Space, buildings, and architecture are not the first things a company thinks about when it is “transforming work.” Yet changes to space and time are basic to evolving concepts of what work means. Employee empowerment, reengineered work processes, organizational learning, and the elimination of work-family barriers do not seem to be connected conceptually to a company’s accommodation, yet companies looking forward to growing and thriving — to more than just survival —are learning to examine their work spaces in new ways.
Corporate trends toward outsourcing and downsizing, reducing overhead, and consolidating all have space design implications — not just for real estate, but also in terms of the physical space in which employees perform their tasks. In this article, I examine attitudes toward space design and accommodation in light of two objectives: (1) to reduce costs and (2) to increase worker effectiveness. Not enough companies are taking advantage of the opportunity to “right size” their space, first, by using their real estate dollars more effectively and, second, by using the streamlining of accommodation expenditures as an opportunity to transform the organization. (I use the term “accommodation” to refer not only to the physical space an organization inhabits, but also to the elements of the work environment that make the space function, such as office technology, furniture, building services, and ambient environmental conditions — lighting, noise, ventilation, and so on.)
There are information, tools, and technology available to give white-collar workers a physical work environment that actively supports their task performance. A company does not need to pay for uncomfortable work space that slows work down, makes change difficult, or is less than optimal for work performance. By attending to the human aspect of space use, managers can gain more from money spent on office accommodation. In cases such as Apple Computer, Digital Equipment Corporation, and the NMB bank in The Netherlands, where “office of the future” concepts have been implemented, CEOs have found that strategic work-space planning — the integration of space-related decisions for work and workers with an organization’s business objectives — can potentially empower employees to take responsibility for and make cost-effective decisions about their own space.1 Strategic work-space planning can facilitate and, in some cases, drive reengineering of work processes, and can encourage teamwork, help flatten hierarchies, and instigate other organizational changes.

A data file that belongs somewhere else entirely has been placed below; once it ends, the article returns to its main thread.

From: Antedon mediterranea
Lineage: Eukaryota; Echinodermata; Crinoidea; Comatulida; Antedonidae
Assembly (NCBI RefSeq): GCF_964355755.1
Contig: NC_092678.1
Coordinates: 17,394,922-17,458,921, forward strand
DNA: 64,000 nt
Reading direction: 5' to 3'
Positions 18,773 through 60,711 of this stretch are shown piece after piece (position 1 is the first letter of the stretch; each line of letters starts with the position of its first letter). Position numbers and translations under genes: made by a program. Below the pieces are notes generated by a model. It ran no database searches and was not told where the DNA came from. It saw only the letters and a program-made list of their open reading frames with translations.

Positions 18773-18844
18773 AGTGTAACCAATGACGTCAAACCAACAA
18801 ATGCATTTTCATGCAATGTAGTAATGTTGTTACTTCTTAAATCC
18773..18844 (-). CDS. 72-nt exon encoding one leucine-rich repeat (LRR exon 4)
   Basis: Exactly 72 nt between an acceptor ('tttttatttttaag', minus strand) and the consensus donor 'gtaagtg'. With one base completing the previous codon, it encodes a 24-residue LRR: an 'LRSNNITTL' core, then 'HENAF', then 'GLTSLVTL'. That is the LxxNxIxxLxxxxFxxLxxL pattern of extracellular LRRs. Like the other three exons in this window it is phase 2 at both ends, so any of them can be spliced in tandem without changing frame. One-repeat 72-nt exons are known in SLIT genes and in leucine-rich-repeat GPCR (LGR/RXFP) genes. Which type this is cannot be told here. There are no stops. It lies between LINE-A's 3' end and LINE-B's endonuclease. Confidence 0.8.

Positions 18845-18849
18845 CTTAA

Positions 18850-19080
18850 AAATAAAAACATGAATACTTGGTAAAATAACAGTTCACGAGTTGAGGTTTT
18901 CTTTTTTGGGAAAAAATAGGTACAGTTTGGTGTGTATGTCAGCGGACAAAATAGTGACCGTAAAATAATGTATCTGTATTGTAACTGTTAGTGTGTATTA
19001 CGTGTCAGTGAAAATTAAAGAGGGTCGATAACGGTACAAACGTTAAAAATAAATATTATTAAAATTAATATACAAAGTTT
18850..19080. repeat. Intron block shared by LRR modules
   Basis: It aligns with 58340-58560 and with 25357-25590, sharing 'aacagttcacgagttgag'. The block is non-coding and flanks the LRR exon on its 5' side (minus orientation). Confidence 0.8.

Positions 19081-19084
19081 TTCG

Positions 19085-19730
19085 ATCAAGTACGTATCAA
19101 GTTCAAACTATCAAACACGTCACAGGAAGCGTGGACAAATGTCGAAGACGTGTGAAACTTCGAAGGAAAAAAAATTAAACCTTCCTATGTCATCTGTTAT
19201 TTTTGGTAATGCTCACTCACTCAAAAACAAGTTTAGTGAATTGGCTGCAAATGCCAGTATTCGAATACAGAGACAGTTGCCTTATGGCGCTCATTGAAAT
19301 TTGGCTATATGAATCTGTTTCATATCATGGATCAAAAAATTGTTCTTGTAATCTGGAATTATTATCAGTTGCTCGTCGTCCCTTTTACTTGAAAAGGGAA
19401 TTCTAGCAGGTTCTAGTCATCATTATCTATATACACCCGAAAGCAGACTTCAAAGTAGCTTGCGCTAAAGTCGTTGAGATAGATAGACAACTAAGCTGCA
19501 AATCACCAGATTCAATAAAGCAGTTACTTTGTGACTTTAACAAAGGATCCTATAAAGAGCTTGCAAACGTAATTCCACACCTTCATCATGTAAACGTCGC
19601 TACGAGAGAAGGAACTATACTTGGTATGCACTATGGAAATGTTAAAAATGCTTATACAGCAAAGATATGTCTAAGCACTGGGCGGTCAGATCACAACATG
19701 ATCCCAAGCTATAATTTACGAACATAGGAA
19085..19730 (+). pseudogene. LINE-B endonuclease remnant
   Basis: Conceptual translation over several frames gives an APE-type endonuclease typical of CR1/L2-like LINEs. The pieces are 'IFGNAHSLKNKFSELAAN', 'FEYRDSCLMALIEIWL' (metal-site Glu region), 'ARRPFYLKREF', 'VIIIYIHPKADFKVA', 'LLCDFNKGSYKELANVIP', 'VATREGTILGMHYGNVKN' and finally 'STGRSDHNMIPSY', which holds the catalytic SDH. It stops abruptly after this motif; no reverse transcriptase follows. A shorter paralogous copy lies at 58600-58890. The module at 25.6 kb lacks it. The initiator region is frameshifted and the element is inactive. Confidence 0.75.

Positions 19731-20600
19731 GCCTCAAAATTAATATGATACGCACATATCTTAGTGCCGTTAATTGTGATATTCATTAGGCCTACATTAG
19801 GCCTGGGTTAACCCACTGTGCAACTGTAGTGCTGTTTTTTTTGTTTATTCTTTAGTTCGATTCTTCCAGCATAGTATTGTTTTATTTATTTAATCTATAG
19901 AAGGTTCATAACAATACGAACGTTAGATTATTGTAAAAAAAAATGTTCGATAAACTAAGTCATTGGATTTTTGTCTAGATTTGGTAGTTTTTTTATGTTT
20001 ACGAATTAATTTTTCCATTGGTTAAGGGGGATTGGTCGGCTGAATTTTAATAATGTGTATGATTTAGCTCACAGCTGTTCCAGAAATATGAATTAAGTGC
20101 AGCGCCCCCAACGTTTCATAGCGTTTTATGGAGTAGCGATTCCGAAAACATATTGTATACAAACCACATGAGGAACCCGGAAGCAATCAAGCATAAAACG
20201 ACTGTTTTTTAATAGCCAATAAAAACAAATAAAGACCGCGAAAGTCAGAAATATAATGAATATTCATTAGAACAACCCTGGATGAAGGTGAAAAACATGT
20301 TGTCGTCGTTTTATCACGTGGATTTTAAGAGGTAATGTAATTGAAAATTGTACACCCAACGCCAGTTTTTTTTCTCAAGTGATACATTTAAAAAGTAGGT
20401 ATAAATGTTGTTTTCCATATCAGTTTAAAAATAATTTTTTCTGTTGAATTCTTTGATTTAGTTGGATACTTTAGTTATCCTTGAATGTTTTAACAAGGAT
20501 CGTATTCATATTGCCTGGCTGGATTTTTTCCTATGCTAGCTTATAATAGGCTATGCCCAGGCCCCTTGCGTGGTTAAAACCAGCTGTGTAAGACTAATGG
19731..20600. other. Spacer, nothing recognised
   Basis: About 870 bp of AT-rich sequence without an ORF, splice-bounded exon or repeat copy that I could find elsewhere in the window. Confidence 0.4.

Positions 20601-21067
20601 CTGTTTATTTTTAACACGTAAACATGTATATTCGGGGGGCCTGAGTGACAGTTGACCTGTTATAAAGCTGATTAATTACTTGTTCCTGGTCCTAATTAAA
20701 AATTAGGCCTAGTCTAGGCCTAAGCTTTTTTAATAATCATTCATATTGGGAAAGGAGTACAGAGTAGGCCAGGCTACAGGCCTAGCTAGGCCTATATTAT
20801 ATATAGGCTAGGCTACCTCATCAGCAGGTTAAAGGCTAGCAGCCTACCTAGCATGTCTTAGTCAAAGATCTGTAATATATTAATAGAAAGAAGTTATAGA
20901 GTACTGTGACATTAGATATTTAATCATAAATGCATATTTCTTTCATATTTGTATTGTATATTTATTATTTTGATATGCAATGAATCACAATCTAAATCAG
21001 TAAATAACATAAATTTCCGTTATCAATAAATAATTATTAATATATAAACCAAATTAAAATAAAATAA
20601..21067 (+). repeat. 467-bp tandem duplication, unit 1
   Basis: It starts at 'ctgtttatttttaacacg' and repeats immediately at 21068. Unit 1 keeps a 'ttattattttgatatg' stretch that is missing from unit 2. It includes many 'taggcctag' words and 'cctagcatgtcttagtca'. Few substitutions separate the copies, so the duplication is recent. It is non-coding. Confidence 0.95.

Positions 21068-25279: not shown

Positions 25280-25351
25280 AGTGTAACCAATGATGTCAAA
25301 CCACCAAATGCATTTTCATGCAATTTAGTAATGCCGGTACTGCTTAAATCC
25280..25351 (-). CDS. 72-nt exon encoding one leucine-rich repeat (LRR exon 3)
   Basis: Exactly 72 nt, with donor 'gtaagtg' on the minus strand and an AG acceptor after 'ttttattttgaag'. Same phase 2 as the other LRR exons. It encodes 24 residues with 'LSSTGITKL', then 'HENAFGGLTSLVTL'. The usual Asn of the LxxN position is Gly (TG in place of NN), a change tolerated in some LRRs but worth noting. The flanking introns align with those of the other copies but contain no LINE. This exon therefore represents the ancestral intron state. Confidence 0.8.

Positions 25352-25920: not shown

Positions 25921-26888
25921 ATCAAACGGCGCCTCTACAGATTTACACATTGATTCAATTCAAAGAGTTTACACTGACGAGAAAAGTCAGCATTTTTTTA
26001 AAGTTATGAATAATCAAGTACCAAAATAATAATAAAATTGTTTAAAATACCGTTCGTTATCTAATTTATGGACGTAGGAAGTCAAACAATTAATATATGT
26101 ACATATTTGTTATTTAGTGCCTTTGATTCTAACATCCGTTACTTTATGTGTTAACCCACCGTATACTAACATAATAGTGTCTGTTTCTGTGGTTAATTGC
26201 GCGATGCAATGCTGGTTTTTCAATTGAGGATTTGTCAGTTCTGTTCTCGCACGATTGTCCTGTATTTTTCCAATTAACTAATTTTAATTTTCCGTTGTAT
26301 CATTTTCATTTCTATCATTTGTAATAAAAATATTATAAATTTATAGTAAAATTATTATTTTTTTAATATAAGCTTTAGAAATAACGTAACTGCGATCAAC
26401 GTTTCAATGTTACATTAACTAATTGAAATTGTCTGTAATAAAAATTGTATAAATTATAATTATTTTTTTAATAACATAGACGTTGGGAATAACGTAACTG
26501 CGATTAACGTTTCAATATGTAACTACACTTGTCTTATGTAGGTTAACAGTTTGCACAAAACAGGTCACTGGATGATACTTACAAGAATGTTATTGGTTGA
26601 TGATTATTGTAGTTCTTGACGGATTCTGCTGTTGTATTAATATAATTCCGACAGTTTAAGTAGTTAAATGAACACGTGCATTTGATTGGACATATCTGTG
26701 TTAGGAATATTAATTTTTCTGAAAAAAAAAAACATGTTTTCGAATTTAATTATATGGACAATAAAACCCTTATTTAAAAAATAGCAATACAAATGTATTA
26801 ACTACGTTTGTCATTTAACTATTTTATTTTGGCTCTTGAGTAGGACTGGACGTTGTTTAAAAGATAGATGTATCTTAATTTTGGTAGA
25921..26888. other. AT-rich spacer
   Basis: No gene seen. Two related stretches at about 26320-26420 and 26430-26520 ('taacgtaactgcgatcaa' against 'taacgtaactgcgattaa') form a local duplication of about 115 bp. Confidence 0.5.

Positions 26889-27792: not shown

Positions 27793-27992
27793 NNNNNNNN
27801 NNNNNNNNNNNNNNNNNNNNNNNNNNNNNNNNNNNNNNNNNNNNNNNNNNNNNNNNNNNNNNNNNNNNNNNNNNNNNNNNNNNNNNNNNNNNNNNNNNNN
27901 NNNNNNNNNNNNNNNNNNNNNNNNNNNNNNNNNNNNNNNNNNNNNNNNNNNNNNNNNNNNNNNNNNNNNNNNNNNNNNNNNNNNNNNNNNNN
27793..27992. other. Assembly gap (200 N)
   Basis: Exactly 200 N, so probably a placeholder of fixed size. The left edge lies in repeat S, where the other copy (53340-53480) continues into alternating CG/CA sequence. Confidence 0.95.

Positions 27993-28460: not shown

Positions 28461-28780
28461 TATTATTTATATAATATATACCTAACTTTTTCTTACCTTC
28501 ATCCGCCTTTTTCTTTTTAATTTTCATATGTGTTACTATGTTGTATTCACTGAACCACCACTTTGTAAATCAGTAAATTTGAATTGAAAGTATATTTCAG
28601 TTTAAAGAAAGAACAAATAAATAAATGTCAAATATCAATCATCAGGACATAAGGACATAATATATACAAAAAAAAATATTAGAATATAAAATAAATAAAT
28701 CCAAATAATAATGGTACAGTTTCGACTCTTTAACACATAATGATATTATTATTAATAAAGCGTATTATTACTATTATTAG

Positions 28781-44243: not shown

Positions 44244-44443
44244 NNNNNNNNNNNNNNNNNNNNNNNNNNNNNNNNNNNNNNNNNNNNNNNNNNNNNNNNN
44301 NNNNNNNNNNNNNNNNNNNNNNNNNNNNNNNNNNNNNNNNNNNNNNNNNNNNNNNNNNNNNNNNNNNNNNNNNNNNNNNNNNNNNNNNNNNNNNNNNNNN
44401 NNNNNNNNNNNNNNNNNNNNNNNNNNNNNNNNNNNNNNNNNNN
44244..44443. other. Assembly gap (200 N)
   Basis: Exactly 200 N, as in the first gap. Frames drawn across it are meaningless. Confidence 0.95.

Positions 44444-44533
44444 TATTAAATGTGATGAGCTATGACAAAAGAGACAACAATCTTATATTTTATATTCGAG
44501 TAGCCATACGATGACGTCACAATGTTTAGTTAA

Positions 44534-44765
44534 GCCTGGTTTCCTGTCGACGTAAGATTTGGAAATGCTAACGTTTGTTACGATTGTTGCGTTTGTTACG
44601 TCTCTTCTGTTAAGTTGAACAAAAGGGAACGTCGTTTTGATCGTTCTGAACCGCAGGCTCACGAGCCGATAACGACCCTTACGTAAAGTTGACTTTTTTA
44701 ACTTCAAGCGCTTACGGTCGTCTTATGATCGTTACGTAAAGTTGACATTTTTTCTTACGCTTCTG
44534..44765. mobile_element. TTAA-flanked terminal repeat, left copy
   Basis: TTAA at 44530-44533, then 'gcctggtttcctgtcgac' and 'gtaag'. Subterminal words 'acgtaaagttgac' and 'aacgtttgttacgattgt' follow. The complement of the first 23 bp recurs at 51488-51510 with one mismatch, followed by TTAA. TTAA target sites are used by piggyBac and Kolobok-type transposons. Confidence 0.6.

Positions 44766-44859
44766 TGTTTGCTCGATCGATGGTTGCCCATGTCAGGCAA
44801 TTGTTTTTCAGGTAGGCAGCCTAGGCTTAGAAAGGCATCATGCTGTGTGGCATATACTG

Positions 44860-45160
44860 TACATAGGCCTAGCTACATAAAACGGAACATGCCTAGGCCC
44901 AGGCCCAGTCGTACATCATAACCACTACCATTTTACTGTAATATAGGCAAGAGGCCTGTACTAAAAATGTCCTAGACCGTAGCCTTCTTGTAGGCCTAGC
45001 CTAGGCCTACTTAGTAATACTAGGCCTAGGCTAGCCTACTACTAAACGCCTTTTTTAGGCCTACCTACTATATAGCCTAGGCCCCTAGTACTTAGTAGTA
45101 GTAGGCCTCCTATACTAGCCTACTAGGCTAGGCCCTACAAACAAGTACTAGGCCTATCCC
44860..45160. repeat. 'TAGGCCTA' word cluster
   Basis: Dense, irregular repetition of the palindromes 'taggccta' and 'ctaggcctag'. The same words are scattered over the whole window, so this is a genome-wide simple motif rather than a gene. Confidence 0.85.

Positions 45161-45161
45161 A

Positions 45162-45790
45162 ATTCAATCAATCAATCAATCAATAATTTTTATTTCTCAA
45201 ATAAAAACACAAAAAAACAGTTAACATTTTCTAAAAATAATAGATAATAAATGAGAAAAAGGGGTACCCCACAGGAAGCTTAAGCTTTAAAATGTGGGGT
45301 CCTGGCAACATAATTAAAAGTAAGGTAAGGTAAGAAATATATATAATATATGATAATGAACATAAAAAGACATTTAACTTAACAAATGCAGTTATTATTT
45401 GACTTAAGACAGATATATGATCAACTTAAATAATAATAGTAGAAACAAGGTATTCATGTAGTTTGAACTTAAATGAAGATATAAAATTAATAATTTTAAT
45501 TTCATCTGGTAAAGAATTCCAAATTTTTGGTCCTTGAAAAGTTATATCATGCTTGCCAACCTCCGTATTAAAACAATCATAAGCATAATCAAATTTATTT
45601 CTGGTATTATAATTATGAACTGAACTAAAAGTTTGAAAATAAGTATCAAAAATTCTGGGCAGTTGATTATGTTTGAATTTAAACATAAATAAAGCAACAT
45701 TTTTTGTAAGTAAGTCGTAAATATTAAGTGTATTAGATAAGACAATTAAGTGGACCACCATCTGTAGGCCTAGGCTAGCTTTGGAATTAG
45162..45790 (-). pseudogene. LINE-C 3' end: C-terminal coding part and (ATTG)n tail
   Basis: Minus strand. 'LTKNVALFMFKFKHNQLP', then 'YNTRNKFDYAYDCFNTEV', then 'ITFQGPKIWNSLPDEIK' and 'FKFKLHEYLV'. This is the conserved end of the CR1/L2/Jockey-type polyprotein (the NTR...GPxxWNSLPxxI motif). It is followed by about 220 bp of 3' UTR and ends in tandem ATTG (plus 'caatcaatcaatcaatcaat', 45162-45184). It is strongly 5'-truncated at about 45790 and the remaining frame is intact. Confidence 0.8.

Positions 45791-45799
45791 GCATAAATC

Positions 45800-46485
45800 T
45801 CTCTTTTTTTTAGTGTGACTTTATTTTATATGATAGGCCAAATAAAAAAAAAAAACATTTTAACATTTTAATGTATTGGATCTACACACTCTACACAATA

1. For more detailed descriptions of corporate work-space innovation, see:
J.C. Vischer and W.C. Mees, “Organic Design in the Netherlands: Case Study of an Innovative Office Building,” in Design Intervention: Toward a More Humane Architecture, ed. W. Preiser, J.C. Vischer, and E.T. White (New York: Van Nostrand Reinhold, 1991), pp. 285–300; and
F. Becker and F. Steele, Workplace by Design: Mapping the High Performance Workscape (San Francisco: Jossey-Bass, 1994), chapter 3.
2. P. Senge, The Fifth Discipline (New York: Doubleday, 1990).
3. I. Perrie, personal communication, 25 October 1994.
4. C.I. Barnard, The Functions of the Executive (Cambridge, Massachusetts: Harvard University Press, 1964).
5. P. Drucker, “The Age of Social Transformation” Atlantic Monthly, November 1994, p. 53.
6. Plan Construction et Architecture, “Evaluation de l’environnement physique des espaces de travail” (Paris, France: final report, July 1991).
7. Buildings-In-Use, “Intelsat Headquarters Building-In-Use Assessment Final Report” (Wellesley, Massachusetts: technical report, July 1993).
8. J.C. Vischer, “The Psychology of Architecture,” Los Angeles Times, 28 March 1988, p. 4.
9. R. Bon, Building As an Economic Process (Englewood Cliffs, New Jersey: Prentice-Hall, 1989).
10. For one approach to increasing awareness among both managers and employees of the effects of the physical environment on work performance, see:
J.C. Vischer, Environmental Quality in Offices (New York: Van Nostrand Reinhold, 1989).
11. R. Semler, “Managing without Managers,” Harvard Business Review, September–October 1989, p. 48.
12. D.K. Carr et al., Break Point — Business Process Redesign (Arlington, Virginia: Coopers & Lybrand, 1992).
13. H. Sraeel, “Bank of Boston’s JIT Gives Eileen Harvard the FM Edge,” Facilities Design and Management, October 1992, p. 46.
14. Space Planning Organizations Research Group, “Bank of Boston’s Just-In-Time Workspace” (Cambridge, Massachusetts: MIT School of Architecture, unpublished case study, 1994).
15. M.J. Earl and D.F. Feeny, “Is Your CIO Adding Value?,” Sloan Management Review, Spring 1994, p. 11.
16. Ibid., p. 13.
17. M. Joroff, M. Louargand, S. Lambert, and F. Becker, “Strategic Management of the Fifth Resource: Corporate Real Estate” (Industrial Development Research Foundation, report of Phase One Corporate Real Estate 2000, 1993), pp. 50–52.
18. Earl and Feeny (1994), p. 19.
19. R. Groulx, “On the Move: Planning Offices of the Future,” Sygma-Ink, September–October 1994, p. 7.
20. The design team comprises the author, the architectural firm Dupuis Dubuc and Associates of Montreal, members of Bell Canada Realty Services, and Bell Sygma staff.
21. J.C. Vischer, “The Office of the Future: Innovation and Cost Savings for Today’s Office Buildings” (Montreal: Metropolitan Montreal Energy Forum Bulletin, Spring 1995), p. 4.
22. J.C. Vischer, Workspace Strategies: Environment As a Tool for Work (New York: Chapman and Hall, in press).